EPRS Admin By / December 4, 2020

World international tourist arrivals

World international tourist arrivals (millions)

World international tourist arrivals (millions)

Initially, the overall trend of slowbalisation did not appear to extend to the social realm, where digitalisation and the emergence of new middle classes in Asia have widened and deepened global integration. The tourism industry has for decades been one of the key engines of globalisation, contributing to social exchanges and physical movement, as well as economic globalisation. Tourism represents an important export service for many economies and about 10 % of global GDP and jobs. Between 2000 and 2018, the number of international tourists worldwide has more than doubled (see Figure 9). At the same time, economic crises have negatively impacted tourism, as seen in 2003 and 2009. In general, travel, transport and related services represented an important share of global service exports, and were, at 5 % on average, growing faster than the annual real growth of global economy.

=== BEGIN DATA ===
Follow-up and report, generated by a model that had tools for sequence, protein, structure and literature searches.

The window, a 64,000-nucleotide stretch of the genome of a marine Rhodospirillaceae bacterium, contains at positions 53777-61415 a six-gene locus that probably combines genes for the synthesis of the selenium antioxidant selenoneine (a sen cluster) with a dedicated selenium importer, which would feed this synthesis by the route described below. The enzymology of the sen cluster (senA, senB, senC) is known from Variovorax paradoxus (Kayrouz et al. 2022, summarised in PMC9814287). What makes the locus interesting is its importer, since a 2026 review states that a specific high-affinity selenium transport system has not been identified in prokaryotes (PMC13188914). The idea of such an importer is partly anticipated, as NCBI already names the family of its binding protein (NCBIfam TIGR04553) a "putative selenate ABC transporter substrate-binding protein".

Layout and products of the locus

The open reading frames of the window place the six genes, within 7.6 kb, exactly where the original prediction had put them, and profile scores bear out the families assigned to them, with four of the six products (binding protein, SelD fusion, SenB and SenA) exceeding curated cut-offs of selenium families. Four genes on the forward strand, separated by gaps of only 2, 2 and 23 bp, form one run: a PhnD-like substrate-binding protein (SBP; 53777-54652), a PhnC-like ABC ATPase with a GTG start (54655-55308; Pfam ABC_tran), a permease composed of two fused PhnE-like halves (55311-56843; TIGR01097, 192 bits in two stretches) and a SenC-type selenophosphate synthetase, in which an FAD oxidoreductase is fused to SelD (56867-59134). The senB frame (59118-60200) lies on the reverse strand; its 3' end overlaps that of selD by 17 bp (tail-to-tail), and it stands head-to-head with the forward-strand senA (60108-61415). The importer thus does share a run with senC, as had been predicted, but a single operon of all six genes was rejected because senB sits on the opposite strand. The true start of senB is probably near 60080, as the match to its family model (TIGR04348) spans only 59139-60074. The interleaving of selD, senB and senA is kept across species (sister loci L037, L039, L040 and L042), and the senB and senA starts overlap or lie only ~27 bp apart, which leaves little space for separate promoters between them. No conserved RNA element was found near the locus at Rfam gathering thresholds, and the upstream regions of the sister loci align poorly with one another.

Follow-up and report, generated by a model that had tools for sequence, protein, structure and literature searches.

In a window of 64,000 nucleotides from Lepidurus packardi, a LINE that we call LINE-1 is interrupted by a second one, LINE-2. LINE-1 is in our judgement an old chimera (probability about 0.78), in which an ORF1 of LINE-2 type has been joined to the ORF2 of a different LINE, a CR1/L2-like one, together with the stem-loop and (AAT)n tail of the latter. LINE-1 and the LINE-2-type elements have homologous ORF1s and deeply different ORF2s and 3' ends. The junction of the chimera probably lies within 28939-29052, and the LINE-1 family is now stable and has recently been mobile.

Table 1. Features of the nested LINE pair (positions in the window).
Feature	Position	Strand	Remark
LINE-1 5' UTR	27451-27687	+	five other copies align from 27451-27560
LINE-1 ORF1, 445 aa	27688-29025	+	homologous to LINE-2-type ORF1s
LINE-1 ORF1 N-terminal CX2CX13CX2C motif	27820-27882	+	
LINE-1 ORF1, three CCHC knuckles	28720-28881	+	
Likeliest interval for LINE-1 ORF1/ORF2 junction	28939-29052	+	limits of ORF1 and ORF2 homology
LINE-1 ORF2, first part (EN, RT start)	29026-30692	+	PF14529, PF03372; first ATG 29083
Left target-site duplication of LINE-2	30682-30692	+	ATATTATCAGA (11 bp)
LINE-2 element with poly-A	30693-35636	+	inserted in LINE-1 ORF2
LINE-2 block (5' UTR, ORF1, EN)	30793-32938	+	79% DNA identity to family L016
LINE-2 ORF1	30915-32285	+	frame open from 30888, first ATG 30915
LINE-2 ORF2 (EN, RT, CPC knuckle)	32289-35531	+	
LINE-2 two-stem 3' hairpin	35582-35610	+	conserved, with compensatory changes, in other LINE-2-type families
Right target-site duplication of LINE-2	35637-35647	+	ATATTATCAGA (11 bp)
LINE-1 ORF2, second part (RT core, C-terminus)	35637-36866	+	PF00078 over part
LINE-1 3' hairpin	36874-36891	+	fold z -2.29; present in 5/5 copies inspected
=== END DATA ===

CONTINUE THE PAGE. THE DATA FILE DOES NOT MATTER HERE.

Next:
The onset of the Covid 19 pandemic and social distancing measures reversed the trend in cross-border movements dramatically. The pandemic had a proportionately greater impact on international tourism than other global economic shocks of past decades. In the first quarter of 2020, international tourist arrivals already fell by 22 %, and according to the World Tourism Organization (UNWTO), international tourism is set to decrease by 60-80 % overall in 2020. As many tourists are opting to travel closer to home, the intercontinental air and cruise ship sectors are being severely affected and will likely take a longer time to rebound compared to most other economic sectors, marking the beginning of a slowdown in the arena of social exchanges.

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